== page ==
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Choose Your Words: Figurative Language

Figures of speech can enhance your writing and add to imaginative descriptions. Particularly useful are similes and metaphors. A simile is a comparison with both sides stated explicitly, often linked by the word like or as. A metaphor is an implied comparison in which the two sides are indirectly compared. Apt similes and metaphors can help convey to readers exactly what you have in mind. When figurative language is overused, however, it becomes tedious and contrived.

Simile
America is not like a blanket — one piece of unbroken cloth, the
same color, the same texture, the same size. America is more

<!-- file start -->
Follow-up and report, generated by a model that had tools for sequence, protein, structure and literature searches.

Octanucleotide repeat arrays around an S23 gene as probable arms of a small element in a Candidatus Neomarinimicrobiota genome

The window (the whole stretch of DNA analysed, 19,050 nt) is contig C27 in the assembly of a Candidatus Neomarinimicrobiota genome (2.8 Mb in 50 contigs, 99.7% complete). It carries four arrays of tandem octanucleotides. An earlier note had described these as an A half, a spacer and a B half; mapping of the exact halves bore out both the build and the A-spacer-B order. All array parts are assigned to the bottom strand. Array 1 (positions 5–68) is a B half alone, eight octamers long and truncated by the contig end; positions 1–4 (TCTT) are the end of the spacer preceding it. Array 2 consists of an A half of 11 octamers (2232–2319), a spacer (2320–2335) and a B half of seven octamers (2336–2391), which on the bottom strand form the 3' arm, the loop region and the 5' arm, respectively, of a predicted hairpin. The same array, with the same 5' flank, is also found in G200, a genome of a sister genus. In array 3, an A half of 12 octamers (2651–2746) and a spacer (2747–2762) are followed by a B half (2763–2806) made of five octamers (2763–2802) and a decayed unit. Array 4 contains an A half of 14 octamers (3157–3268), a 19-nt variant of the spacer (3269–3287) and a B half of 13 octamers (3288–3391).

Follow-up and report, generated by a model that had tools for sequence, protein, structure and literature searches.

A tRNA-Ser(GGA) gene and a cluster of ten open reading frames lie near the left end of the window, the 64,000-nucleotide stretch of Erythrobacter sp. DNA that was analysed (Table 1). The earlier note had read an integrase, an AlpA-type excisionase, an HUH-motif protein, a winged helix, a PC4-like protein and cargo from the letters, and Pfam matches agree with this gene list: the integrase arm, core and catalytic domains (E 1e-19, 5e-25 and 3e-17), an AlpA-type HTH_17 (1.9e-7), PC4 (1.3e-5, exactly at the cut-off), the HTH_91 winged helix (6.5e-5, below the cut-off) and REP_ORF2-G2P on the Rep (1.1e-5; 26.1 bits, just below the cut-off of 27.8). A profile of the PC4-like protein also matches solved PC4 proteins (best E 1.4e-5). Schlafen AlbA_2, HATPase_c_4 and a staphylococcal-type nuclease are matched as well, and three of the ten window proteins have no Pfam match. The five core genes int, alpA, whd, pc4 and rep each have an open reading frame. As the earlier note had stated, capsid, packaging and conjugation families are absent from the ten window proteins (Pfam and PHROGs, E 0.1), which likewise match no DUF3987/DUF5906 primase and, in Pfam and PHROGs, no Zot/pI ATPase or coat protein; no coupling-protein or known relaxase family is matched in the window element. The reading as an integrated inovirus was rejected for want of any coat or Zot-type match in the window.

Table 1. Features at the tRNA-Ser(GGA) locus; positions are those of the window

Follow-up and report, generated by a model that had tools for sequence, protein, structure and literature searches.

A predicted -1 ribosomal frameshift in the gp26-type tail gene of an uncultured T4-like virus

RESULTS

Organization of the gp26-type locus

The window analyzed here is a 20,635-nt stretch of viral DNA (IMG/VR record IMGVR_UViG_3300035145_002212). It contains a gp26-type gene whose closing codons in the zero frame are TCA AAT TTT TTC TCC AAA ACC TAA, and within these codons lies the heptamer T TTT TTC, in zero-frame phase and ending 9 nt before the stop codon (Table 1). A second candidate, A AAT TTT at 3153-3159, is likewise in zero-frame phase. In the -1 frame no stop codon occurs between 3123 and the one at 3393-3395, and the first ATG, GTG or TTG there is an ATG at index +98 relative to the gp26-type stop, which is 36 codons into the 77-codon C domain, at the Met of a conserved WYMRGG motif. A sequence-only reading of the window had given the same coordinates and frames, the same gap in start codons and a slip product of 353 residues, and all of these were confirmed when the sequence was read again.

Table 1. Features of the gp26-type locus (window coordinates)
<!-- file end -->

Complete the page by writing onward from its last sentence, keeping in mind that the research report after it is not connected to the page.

like a quilt — many pieces, many colors, many sizes, all woven
and held together by a common thread.
— Rev. Jesse Jackson
Metaphor
Some television programs are so much chewing gum for the eyes.
— John Mason Brown
Mixed Metaphors
As she walked onto the tennis court, she was ready to sink or swim.
[Swimming on a tennis court?]

Take care that you do not mix metaphors.

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See also
Word Choice Checklist
Dictionary and Thesaurus
Exact Words and Connotations
Tone and Language
Avoiding Biased Language
Avoiding Tired and Pretentious Language